Auteur: Peter Teffer
Brussels - International climate talks in Lima saw the adoption of an agreement on Sunday (14 December) on the next steps to take to achieve a climate treaty in Paris in 2015.
The agreement, which was reached 33 hours after the summit officially ended, means that an outright collapse of the talks was avoided, but the deal has received a mixed assessment.
Those praising the accord note that it is the first time that all 195 countries - rich and poor - taking part in the climate negotiations have agreed to reducing greenhouse gases.
Under the previous climate agreement, the Kyoto Protocol i from 1997, it was mostly the developed countries that committed to action to reduce the effect of industrialisation on the warming of the planet.
After Lima, all nations - in some way - will contribute to reducing greenhouse gas emissions.
But critics note that the final version of the Lima text is not as enforceable as some had hoped, with more options for countries to avoid doing their part.
The Paris approach takes a bottom-up instead of a top-down approach. Countries decide themselves how much they will reduce greenhouse gases, their so-called 'nationally determined contributions'.
A 31 March 2015 deadline for all countries to make their contributions public has been watered down to “well in advance” of the December 2015 summit in Paris. The 31 March deadline now only applies to “those parties ready to do so”.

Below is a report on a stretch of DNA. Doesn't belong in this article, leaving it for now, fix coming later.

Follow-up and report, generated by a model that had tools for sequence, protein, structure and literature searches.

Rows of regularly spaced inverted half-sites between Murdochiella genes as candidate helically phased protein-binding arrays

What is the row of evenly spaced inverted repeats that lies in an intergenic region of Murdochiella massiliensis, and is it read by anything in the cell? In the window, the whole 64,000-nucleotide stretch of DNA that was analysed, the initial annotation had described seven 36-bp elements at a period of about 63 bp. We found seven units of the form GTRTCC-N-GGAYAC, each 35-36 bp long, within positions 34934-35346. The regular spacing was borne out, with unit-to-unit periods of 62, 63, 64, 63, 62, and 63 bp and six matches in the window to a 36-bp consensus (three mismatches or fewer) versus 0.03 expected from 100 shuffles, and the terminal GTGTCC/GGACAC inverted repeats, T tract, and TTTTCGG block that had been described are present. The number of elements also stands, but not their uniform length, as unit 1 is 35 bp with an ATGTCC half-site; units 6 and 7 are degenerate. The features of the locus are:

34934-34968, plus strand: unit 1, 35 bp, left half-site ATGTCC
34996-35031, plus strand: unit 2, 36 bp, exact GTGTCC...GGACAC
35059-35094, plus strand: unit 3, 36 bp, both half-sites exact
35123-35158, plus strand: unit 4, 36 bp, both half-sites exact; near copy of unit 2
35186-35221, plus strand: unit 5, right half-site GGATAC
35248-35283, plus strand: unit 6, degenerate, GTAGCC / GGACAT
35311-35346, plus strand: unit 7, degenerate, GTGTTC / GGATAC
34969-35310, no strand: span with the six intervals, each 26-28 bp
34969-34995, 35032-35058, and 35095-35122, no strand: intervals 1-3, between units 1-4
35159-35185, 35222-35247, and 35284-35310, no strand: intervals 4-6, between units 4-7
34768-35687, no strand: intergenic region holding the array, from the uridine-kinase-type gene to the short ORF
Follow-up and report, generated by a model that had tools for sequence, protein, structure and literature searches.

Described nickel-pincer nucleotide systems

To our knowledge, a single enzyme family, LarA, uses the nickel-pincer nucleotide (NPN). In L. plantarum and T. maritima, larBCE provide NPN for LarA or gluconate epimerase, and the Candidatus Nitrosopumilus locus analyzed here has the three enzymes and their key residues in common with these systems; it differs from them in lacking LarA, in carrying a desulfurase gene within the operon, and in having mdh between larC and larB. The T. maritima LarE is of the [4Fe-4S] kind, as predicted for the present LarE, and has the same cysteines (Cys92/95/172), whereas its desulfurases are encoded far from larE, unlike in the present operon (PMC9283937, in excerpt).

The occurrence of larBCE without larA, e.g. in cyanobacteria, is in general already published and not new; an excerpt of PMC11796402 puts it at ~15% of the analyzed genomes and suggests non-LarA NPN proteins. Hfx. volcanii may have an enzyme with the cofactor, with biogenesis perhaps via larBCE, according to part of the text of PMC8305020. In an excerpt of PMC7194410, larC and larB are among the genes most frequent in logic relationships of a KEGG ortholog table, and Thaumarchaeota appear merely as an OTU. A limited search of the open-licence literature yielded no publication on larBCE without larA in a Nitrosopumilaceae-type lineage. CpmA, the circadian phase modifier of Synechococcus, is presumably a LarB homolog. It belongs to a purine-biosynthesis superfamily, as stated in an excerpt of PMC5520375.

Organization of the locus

The Lima accord also lacks obligatory formatting of those contributions - which would make it easier to compare them.
Countries are no longer required to take measures to ensure “clarity, transparency and understanding” of their climate goals.
Meanwhile a thorough assessment of all countries' contributions before the Paris summit has evolved into a UN analysis that will be published on 1 November 2015, just a month before the Paris meeting.
EU wanted more
The European Commission and the EU's member states praised the fact that a deal had been reached.
EU climate commissioner Miguel Arias Canete i said “although the EU wanted a more ambitious outcome from Lima, we believe that we are on track to agree a global deal in Paris next year”.
“Although this was a difficult conference, it is important to maintain the spirit of optimism and political momentum that brought us to Lima”, the Italian environment minister Gian Luca Galletti said, on behalf of the member states.
The European Parliament was more critical, calling it a “minimalistic” deal that “represents the lowest common denominator”.
“Despite some progress in Lima, there are still many stumbling blocks on the way”, said socialist MEP Jo Leinen i, who was present at the talks.
In a blog post, Scottish conservative MEP Ian Duncan i, a member of the parliament's environment committee, said that “the emergence of any deal at all is positive; things were looking pretty desperate at various points in the week”.
But he noted that the comparability of contributions and the possibility to be more ambitious, had not been achieved.
“The text does allow for publication of the commitments, but there is no clause allowing the material to be returned to sender, and no prospect of the commitments being revised in advance of Paris. This is a significant defeat for the EU”, he wrote.
Climate representatives will gather again in Geneva in February for a lower-level technical meeting.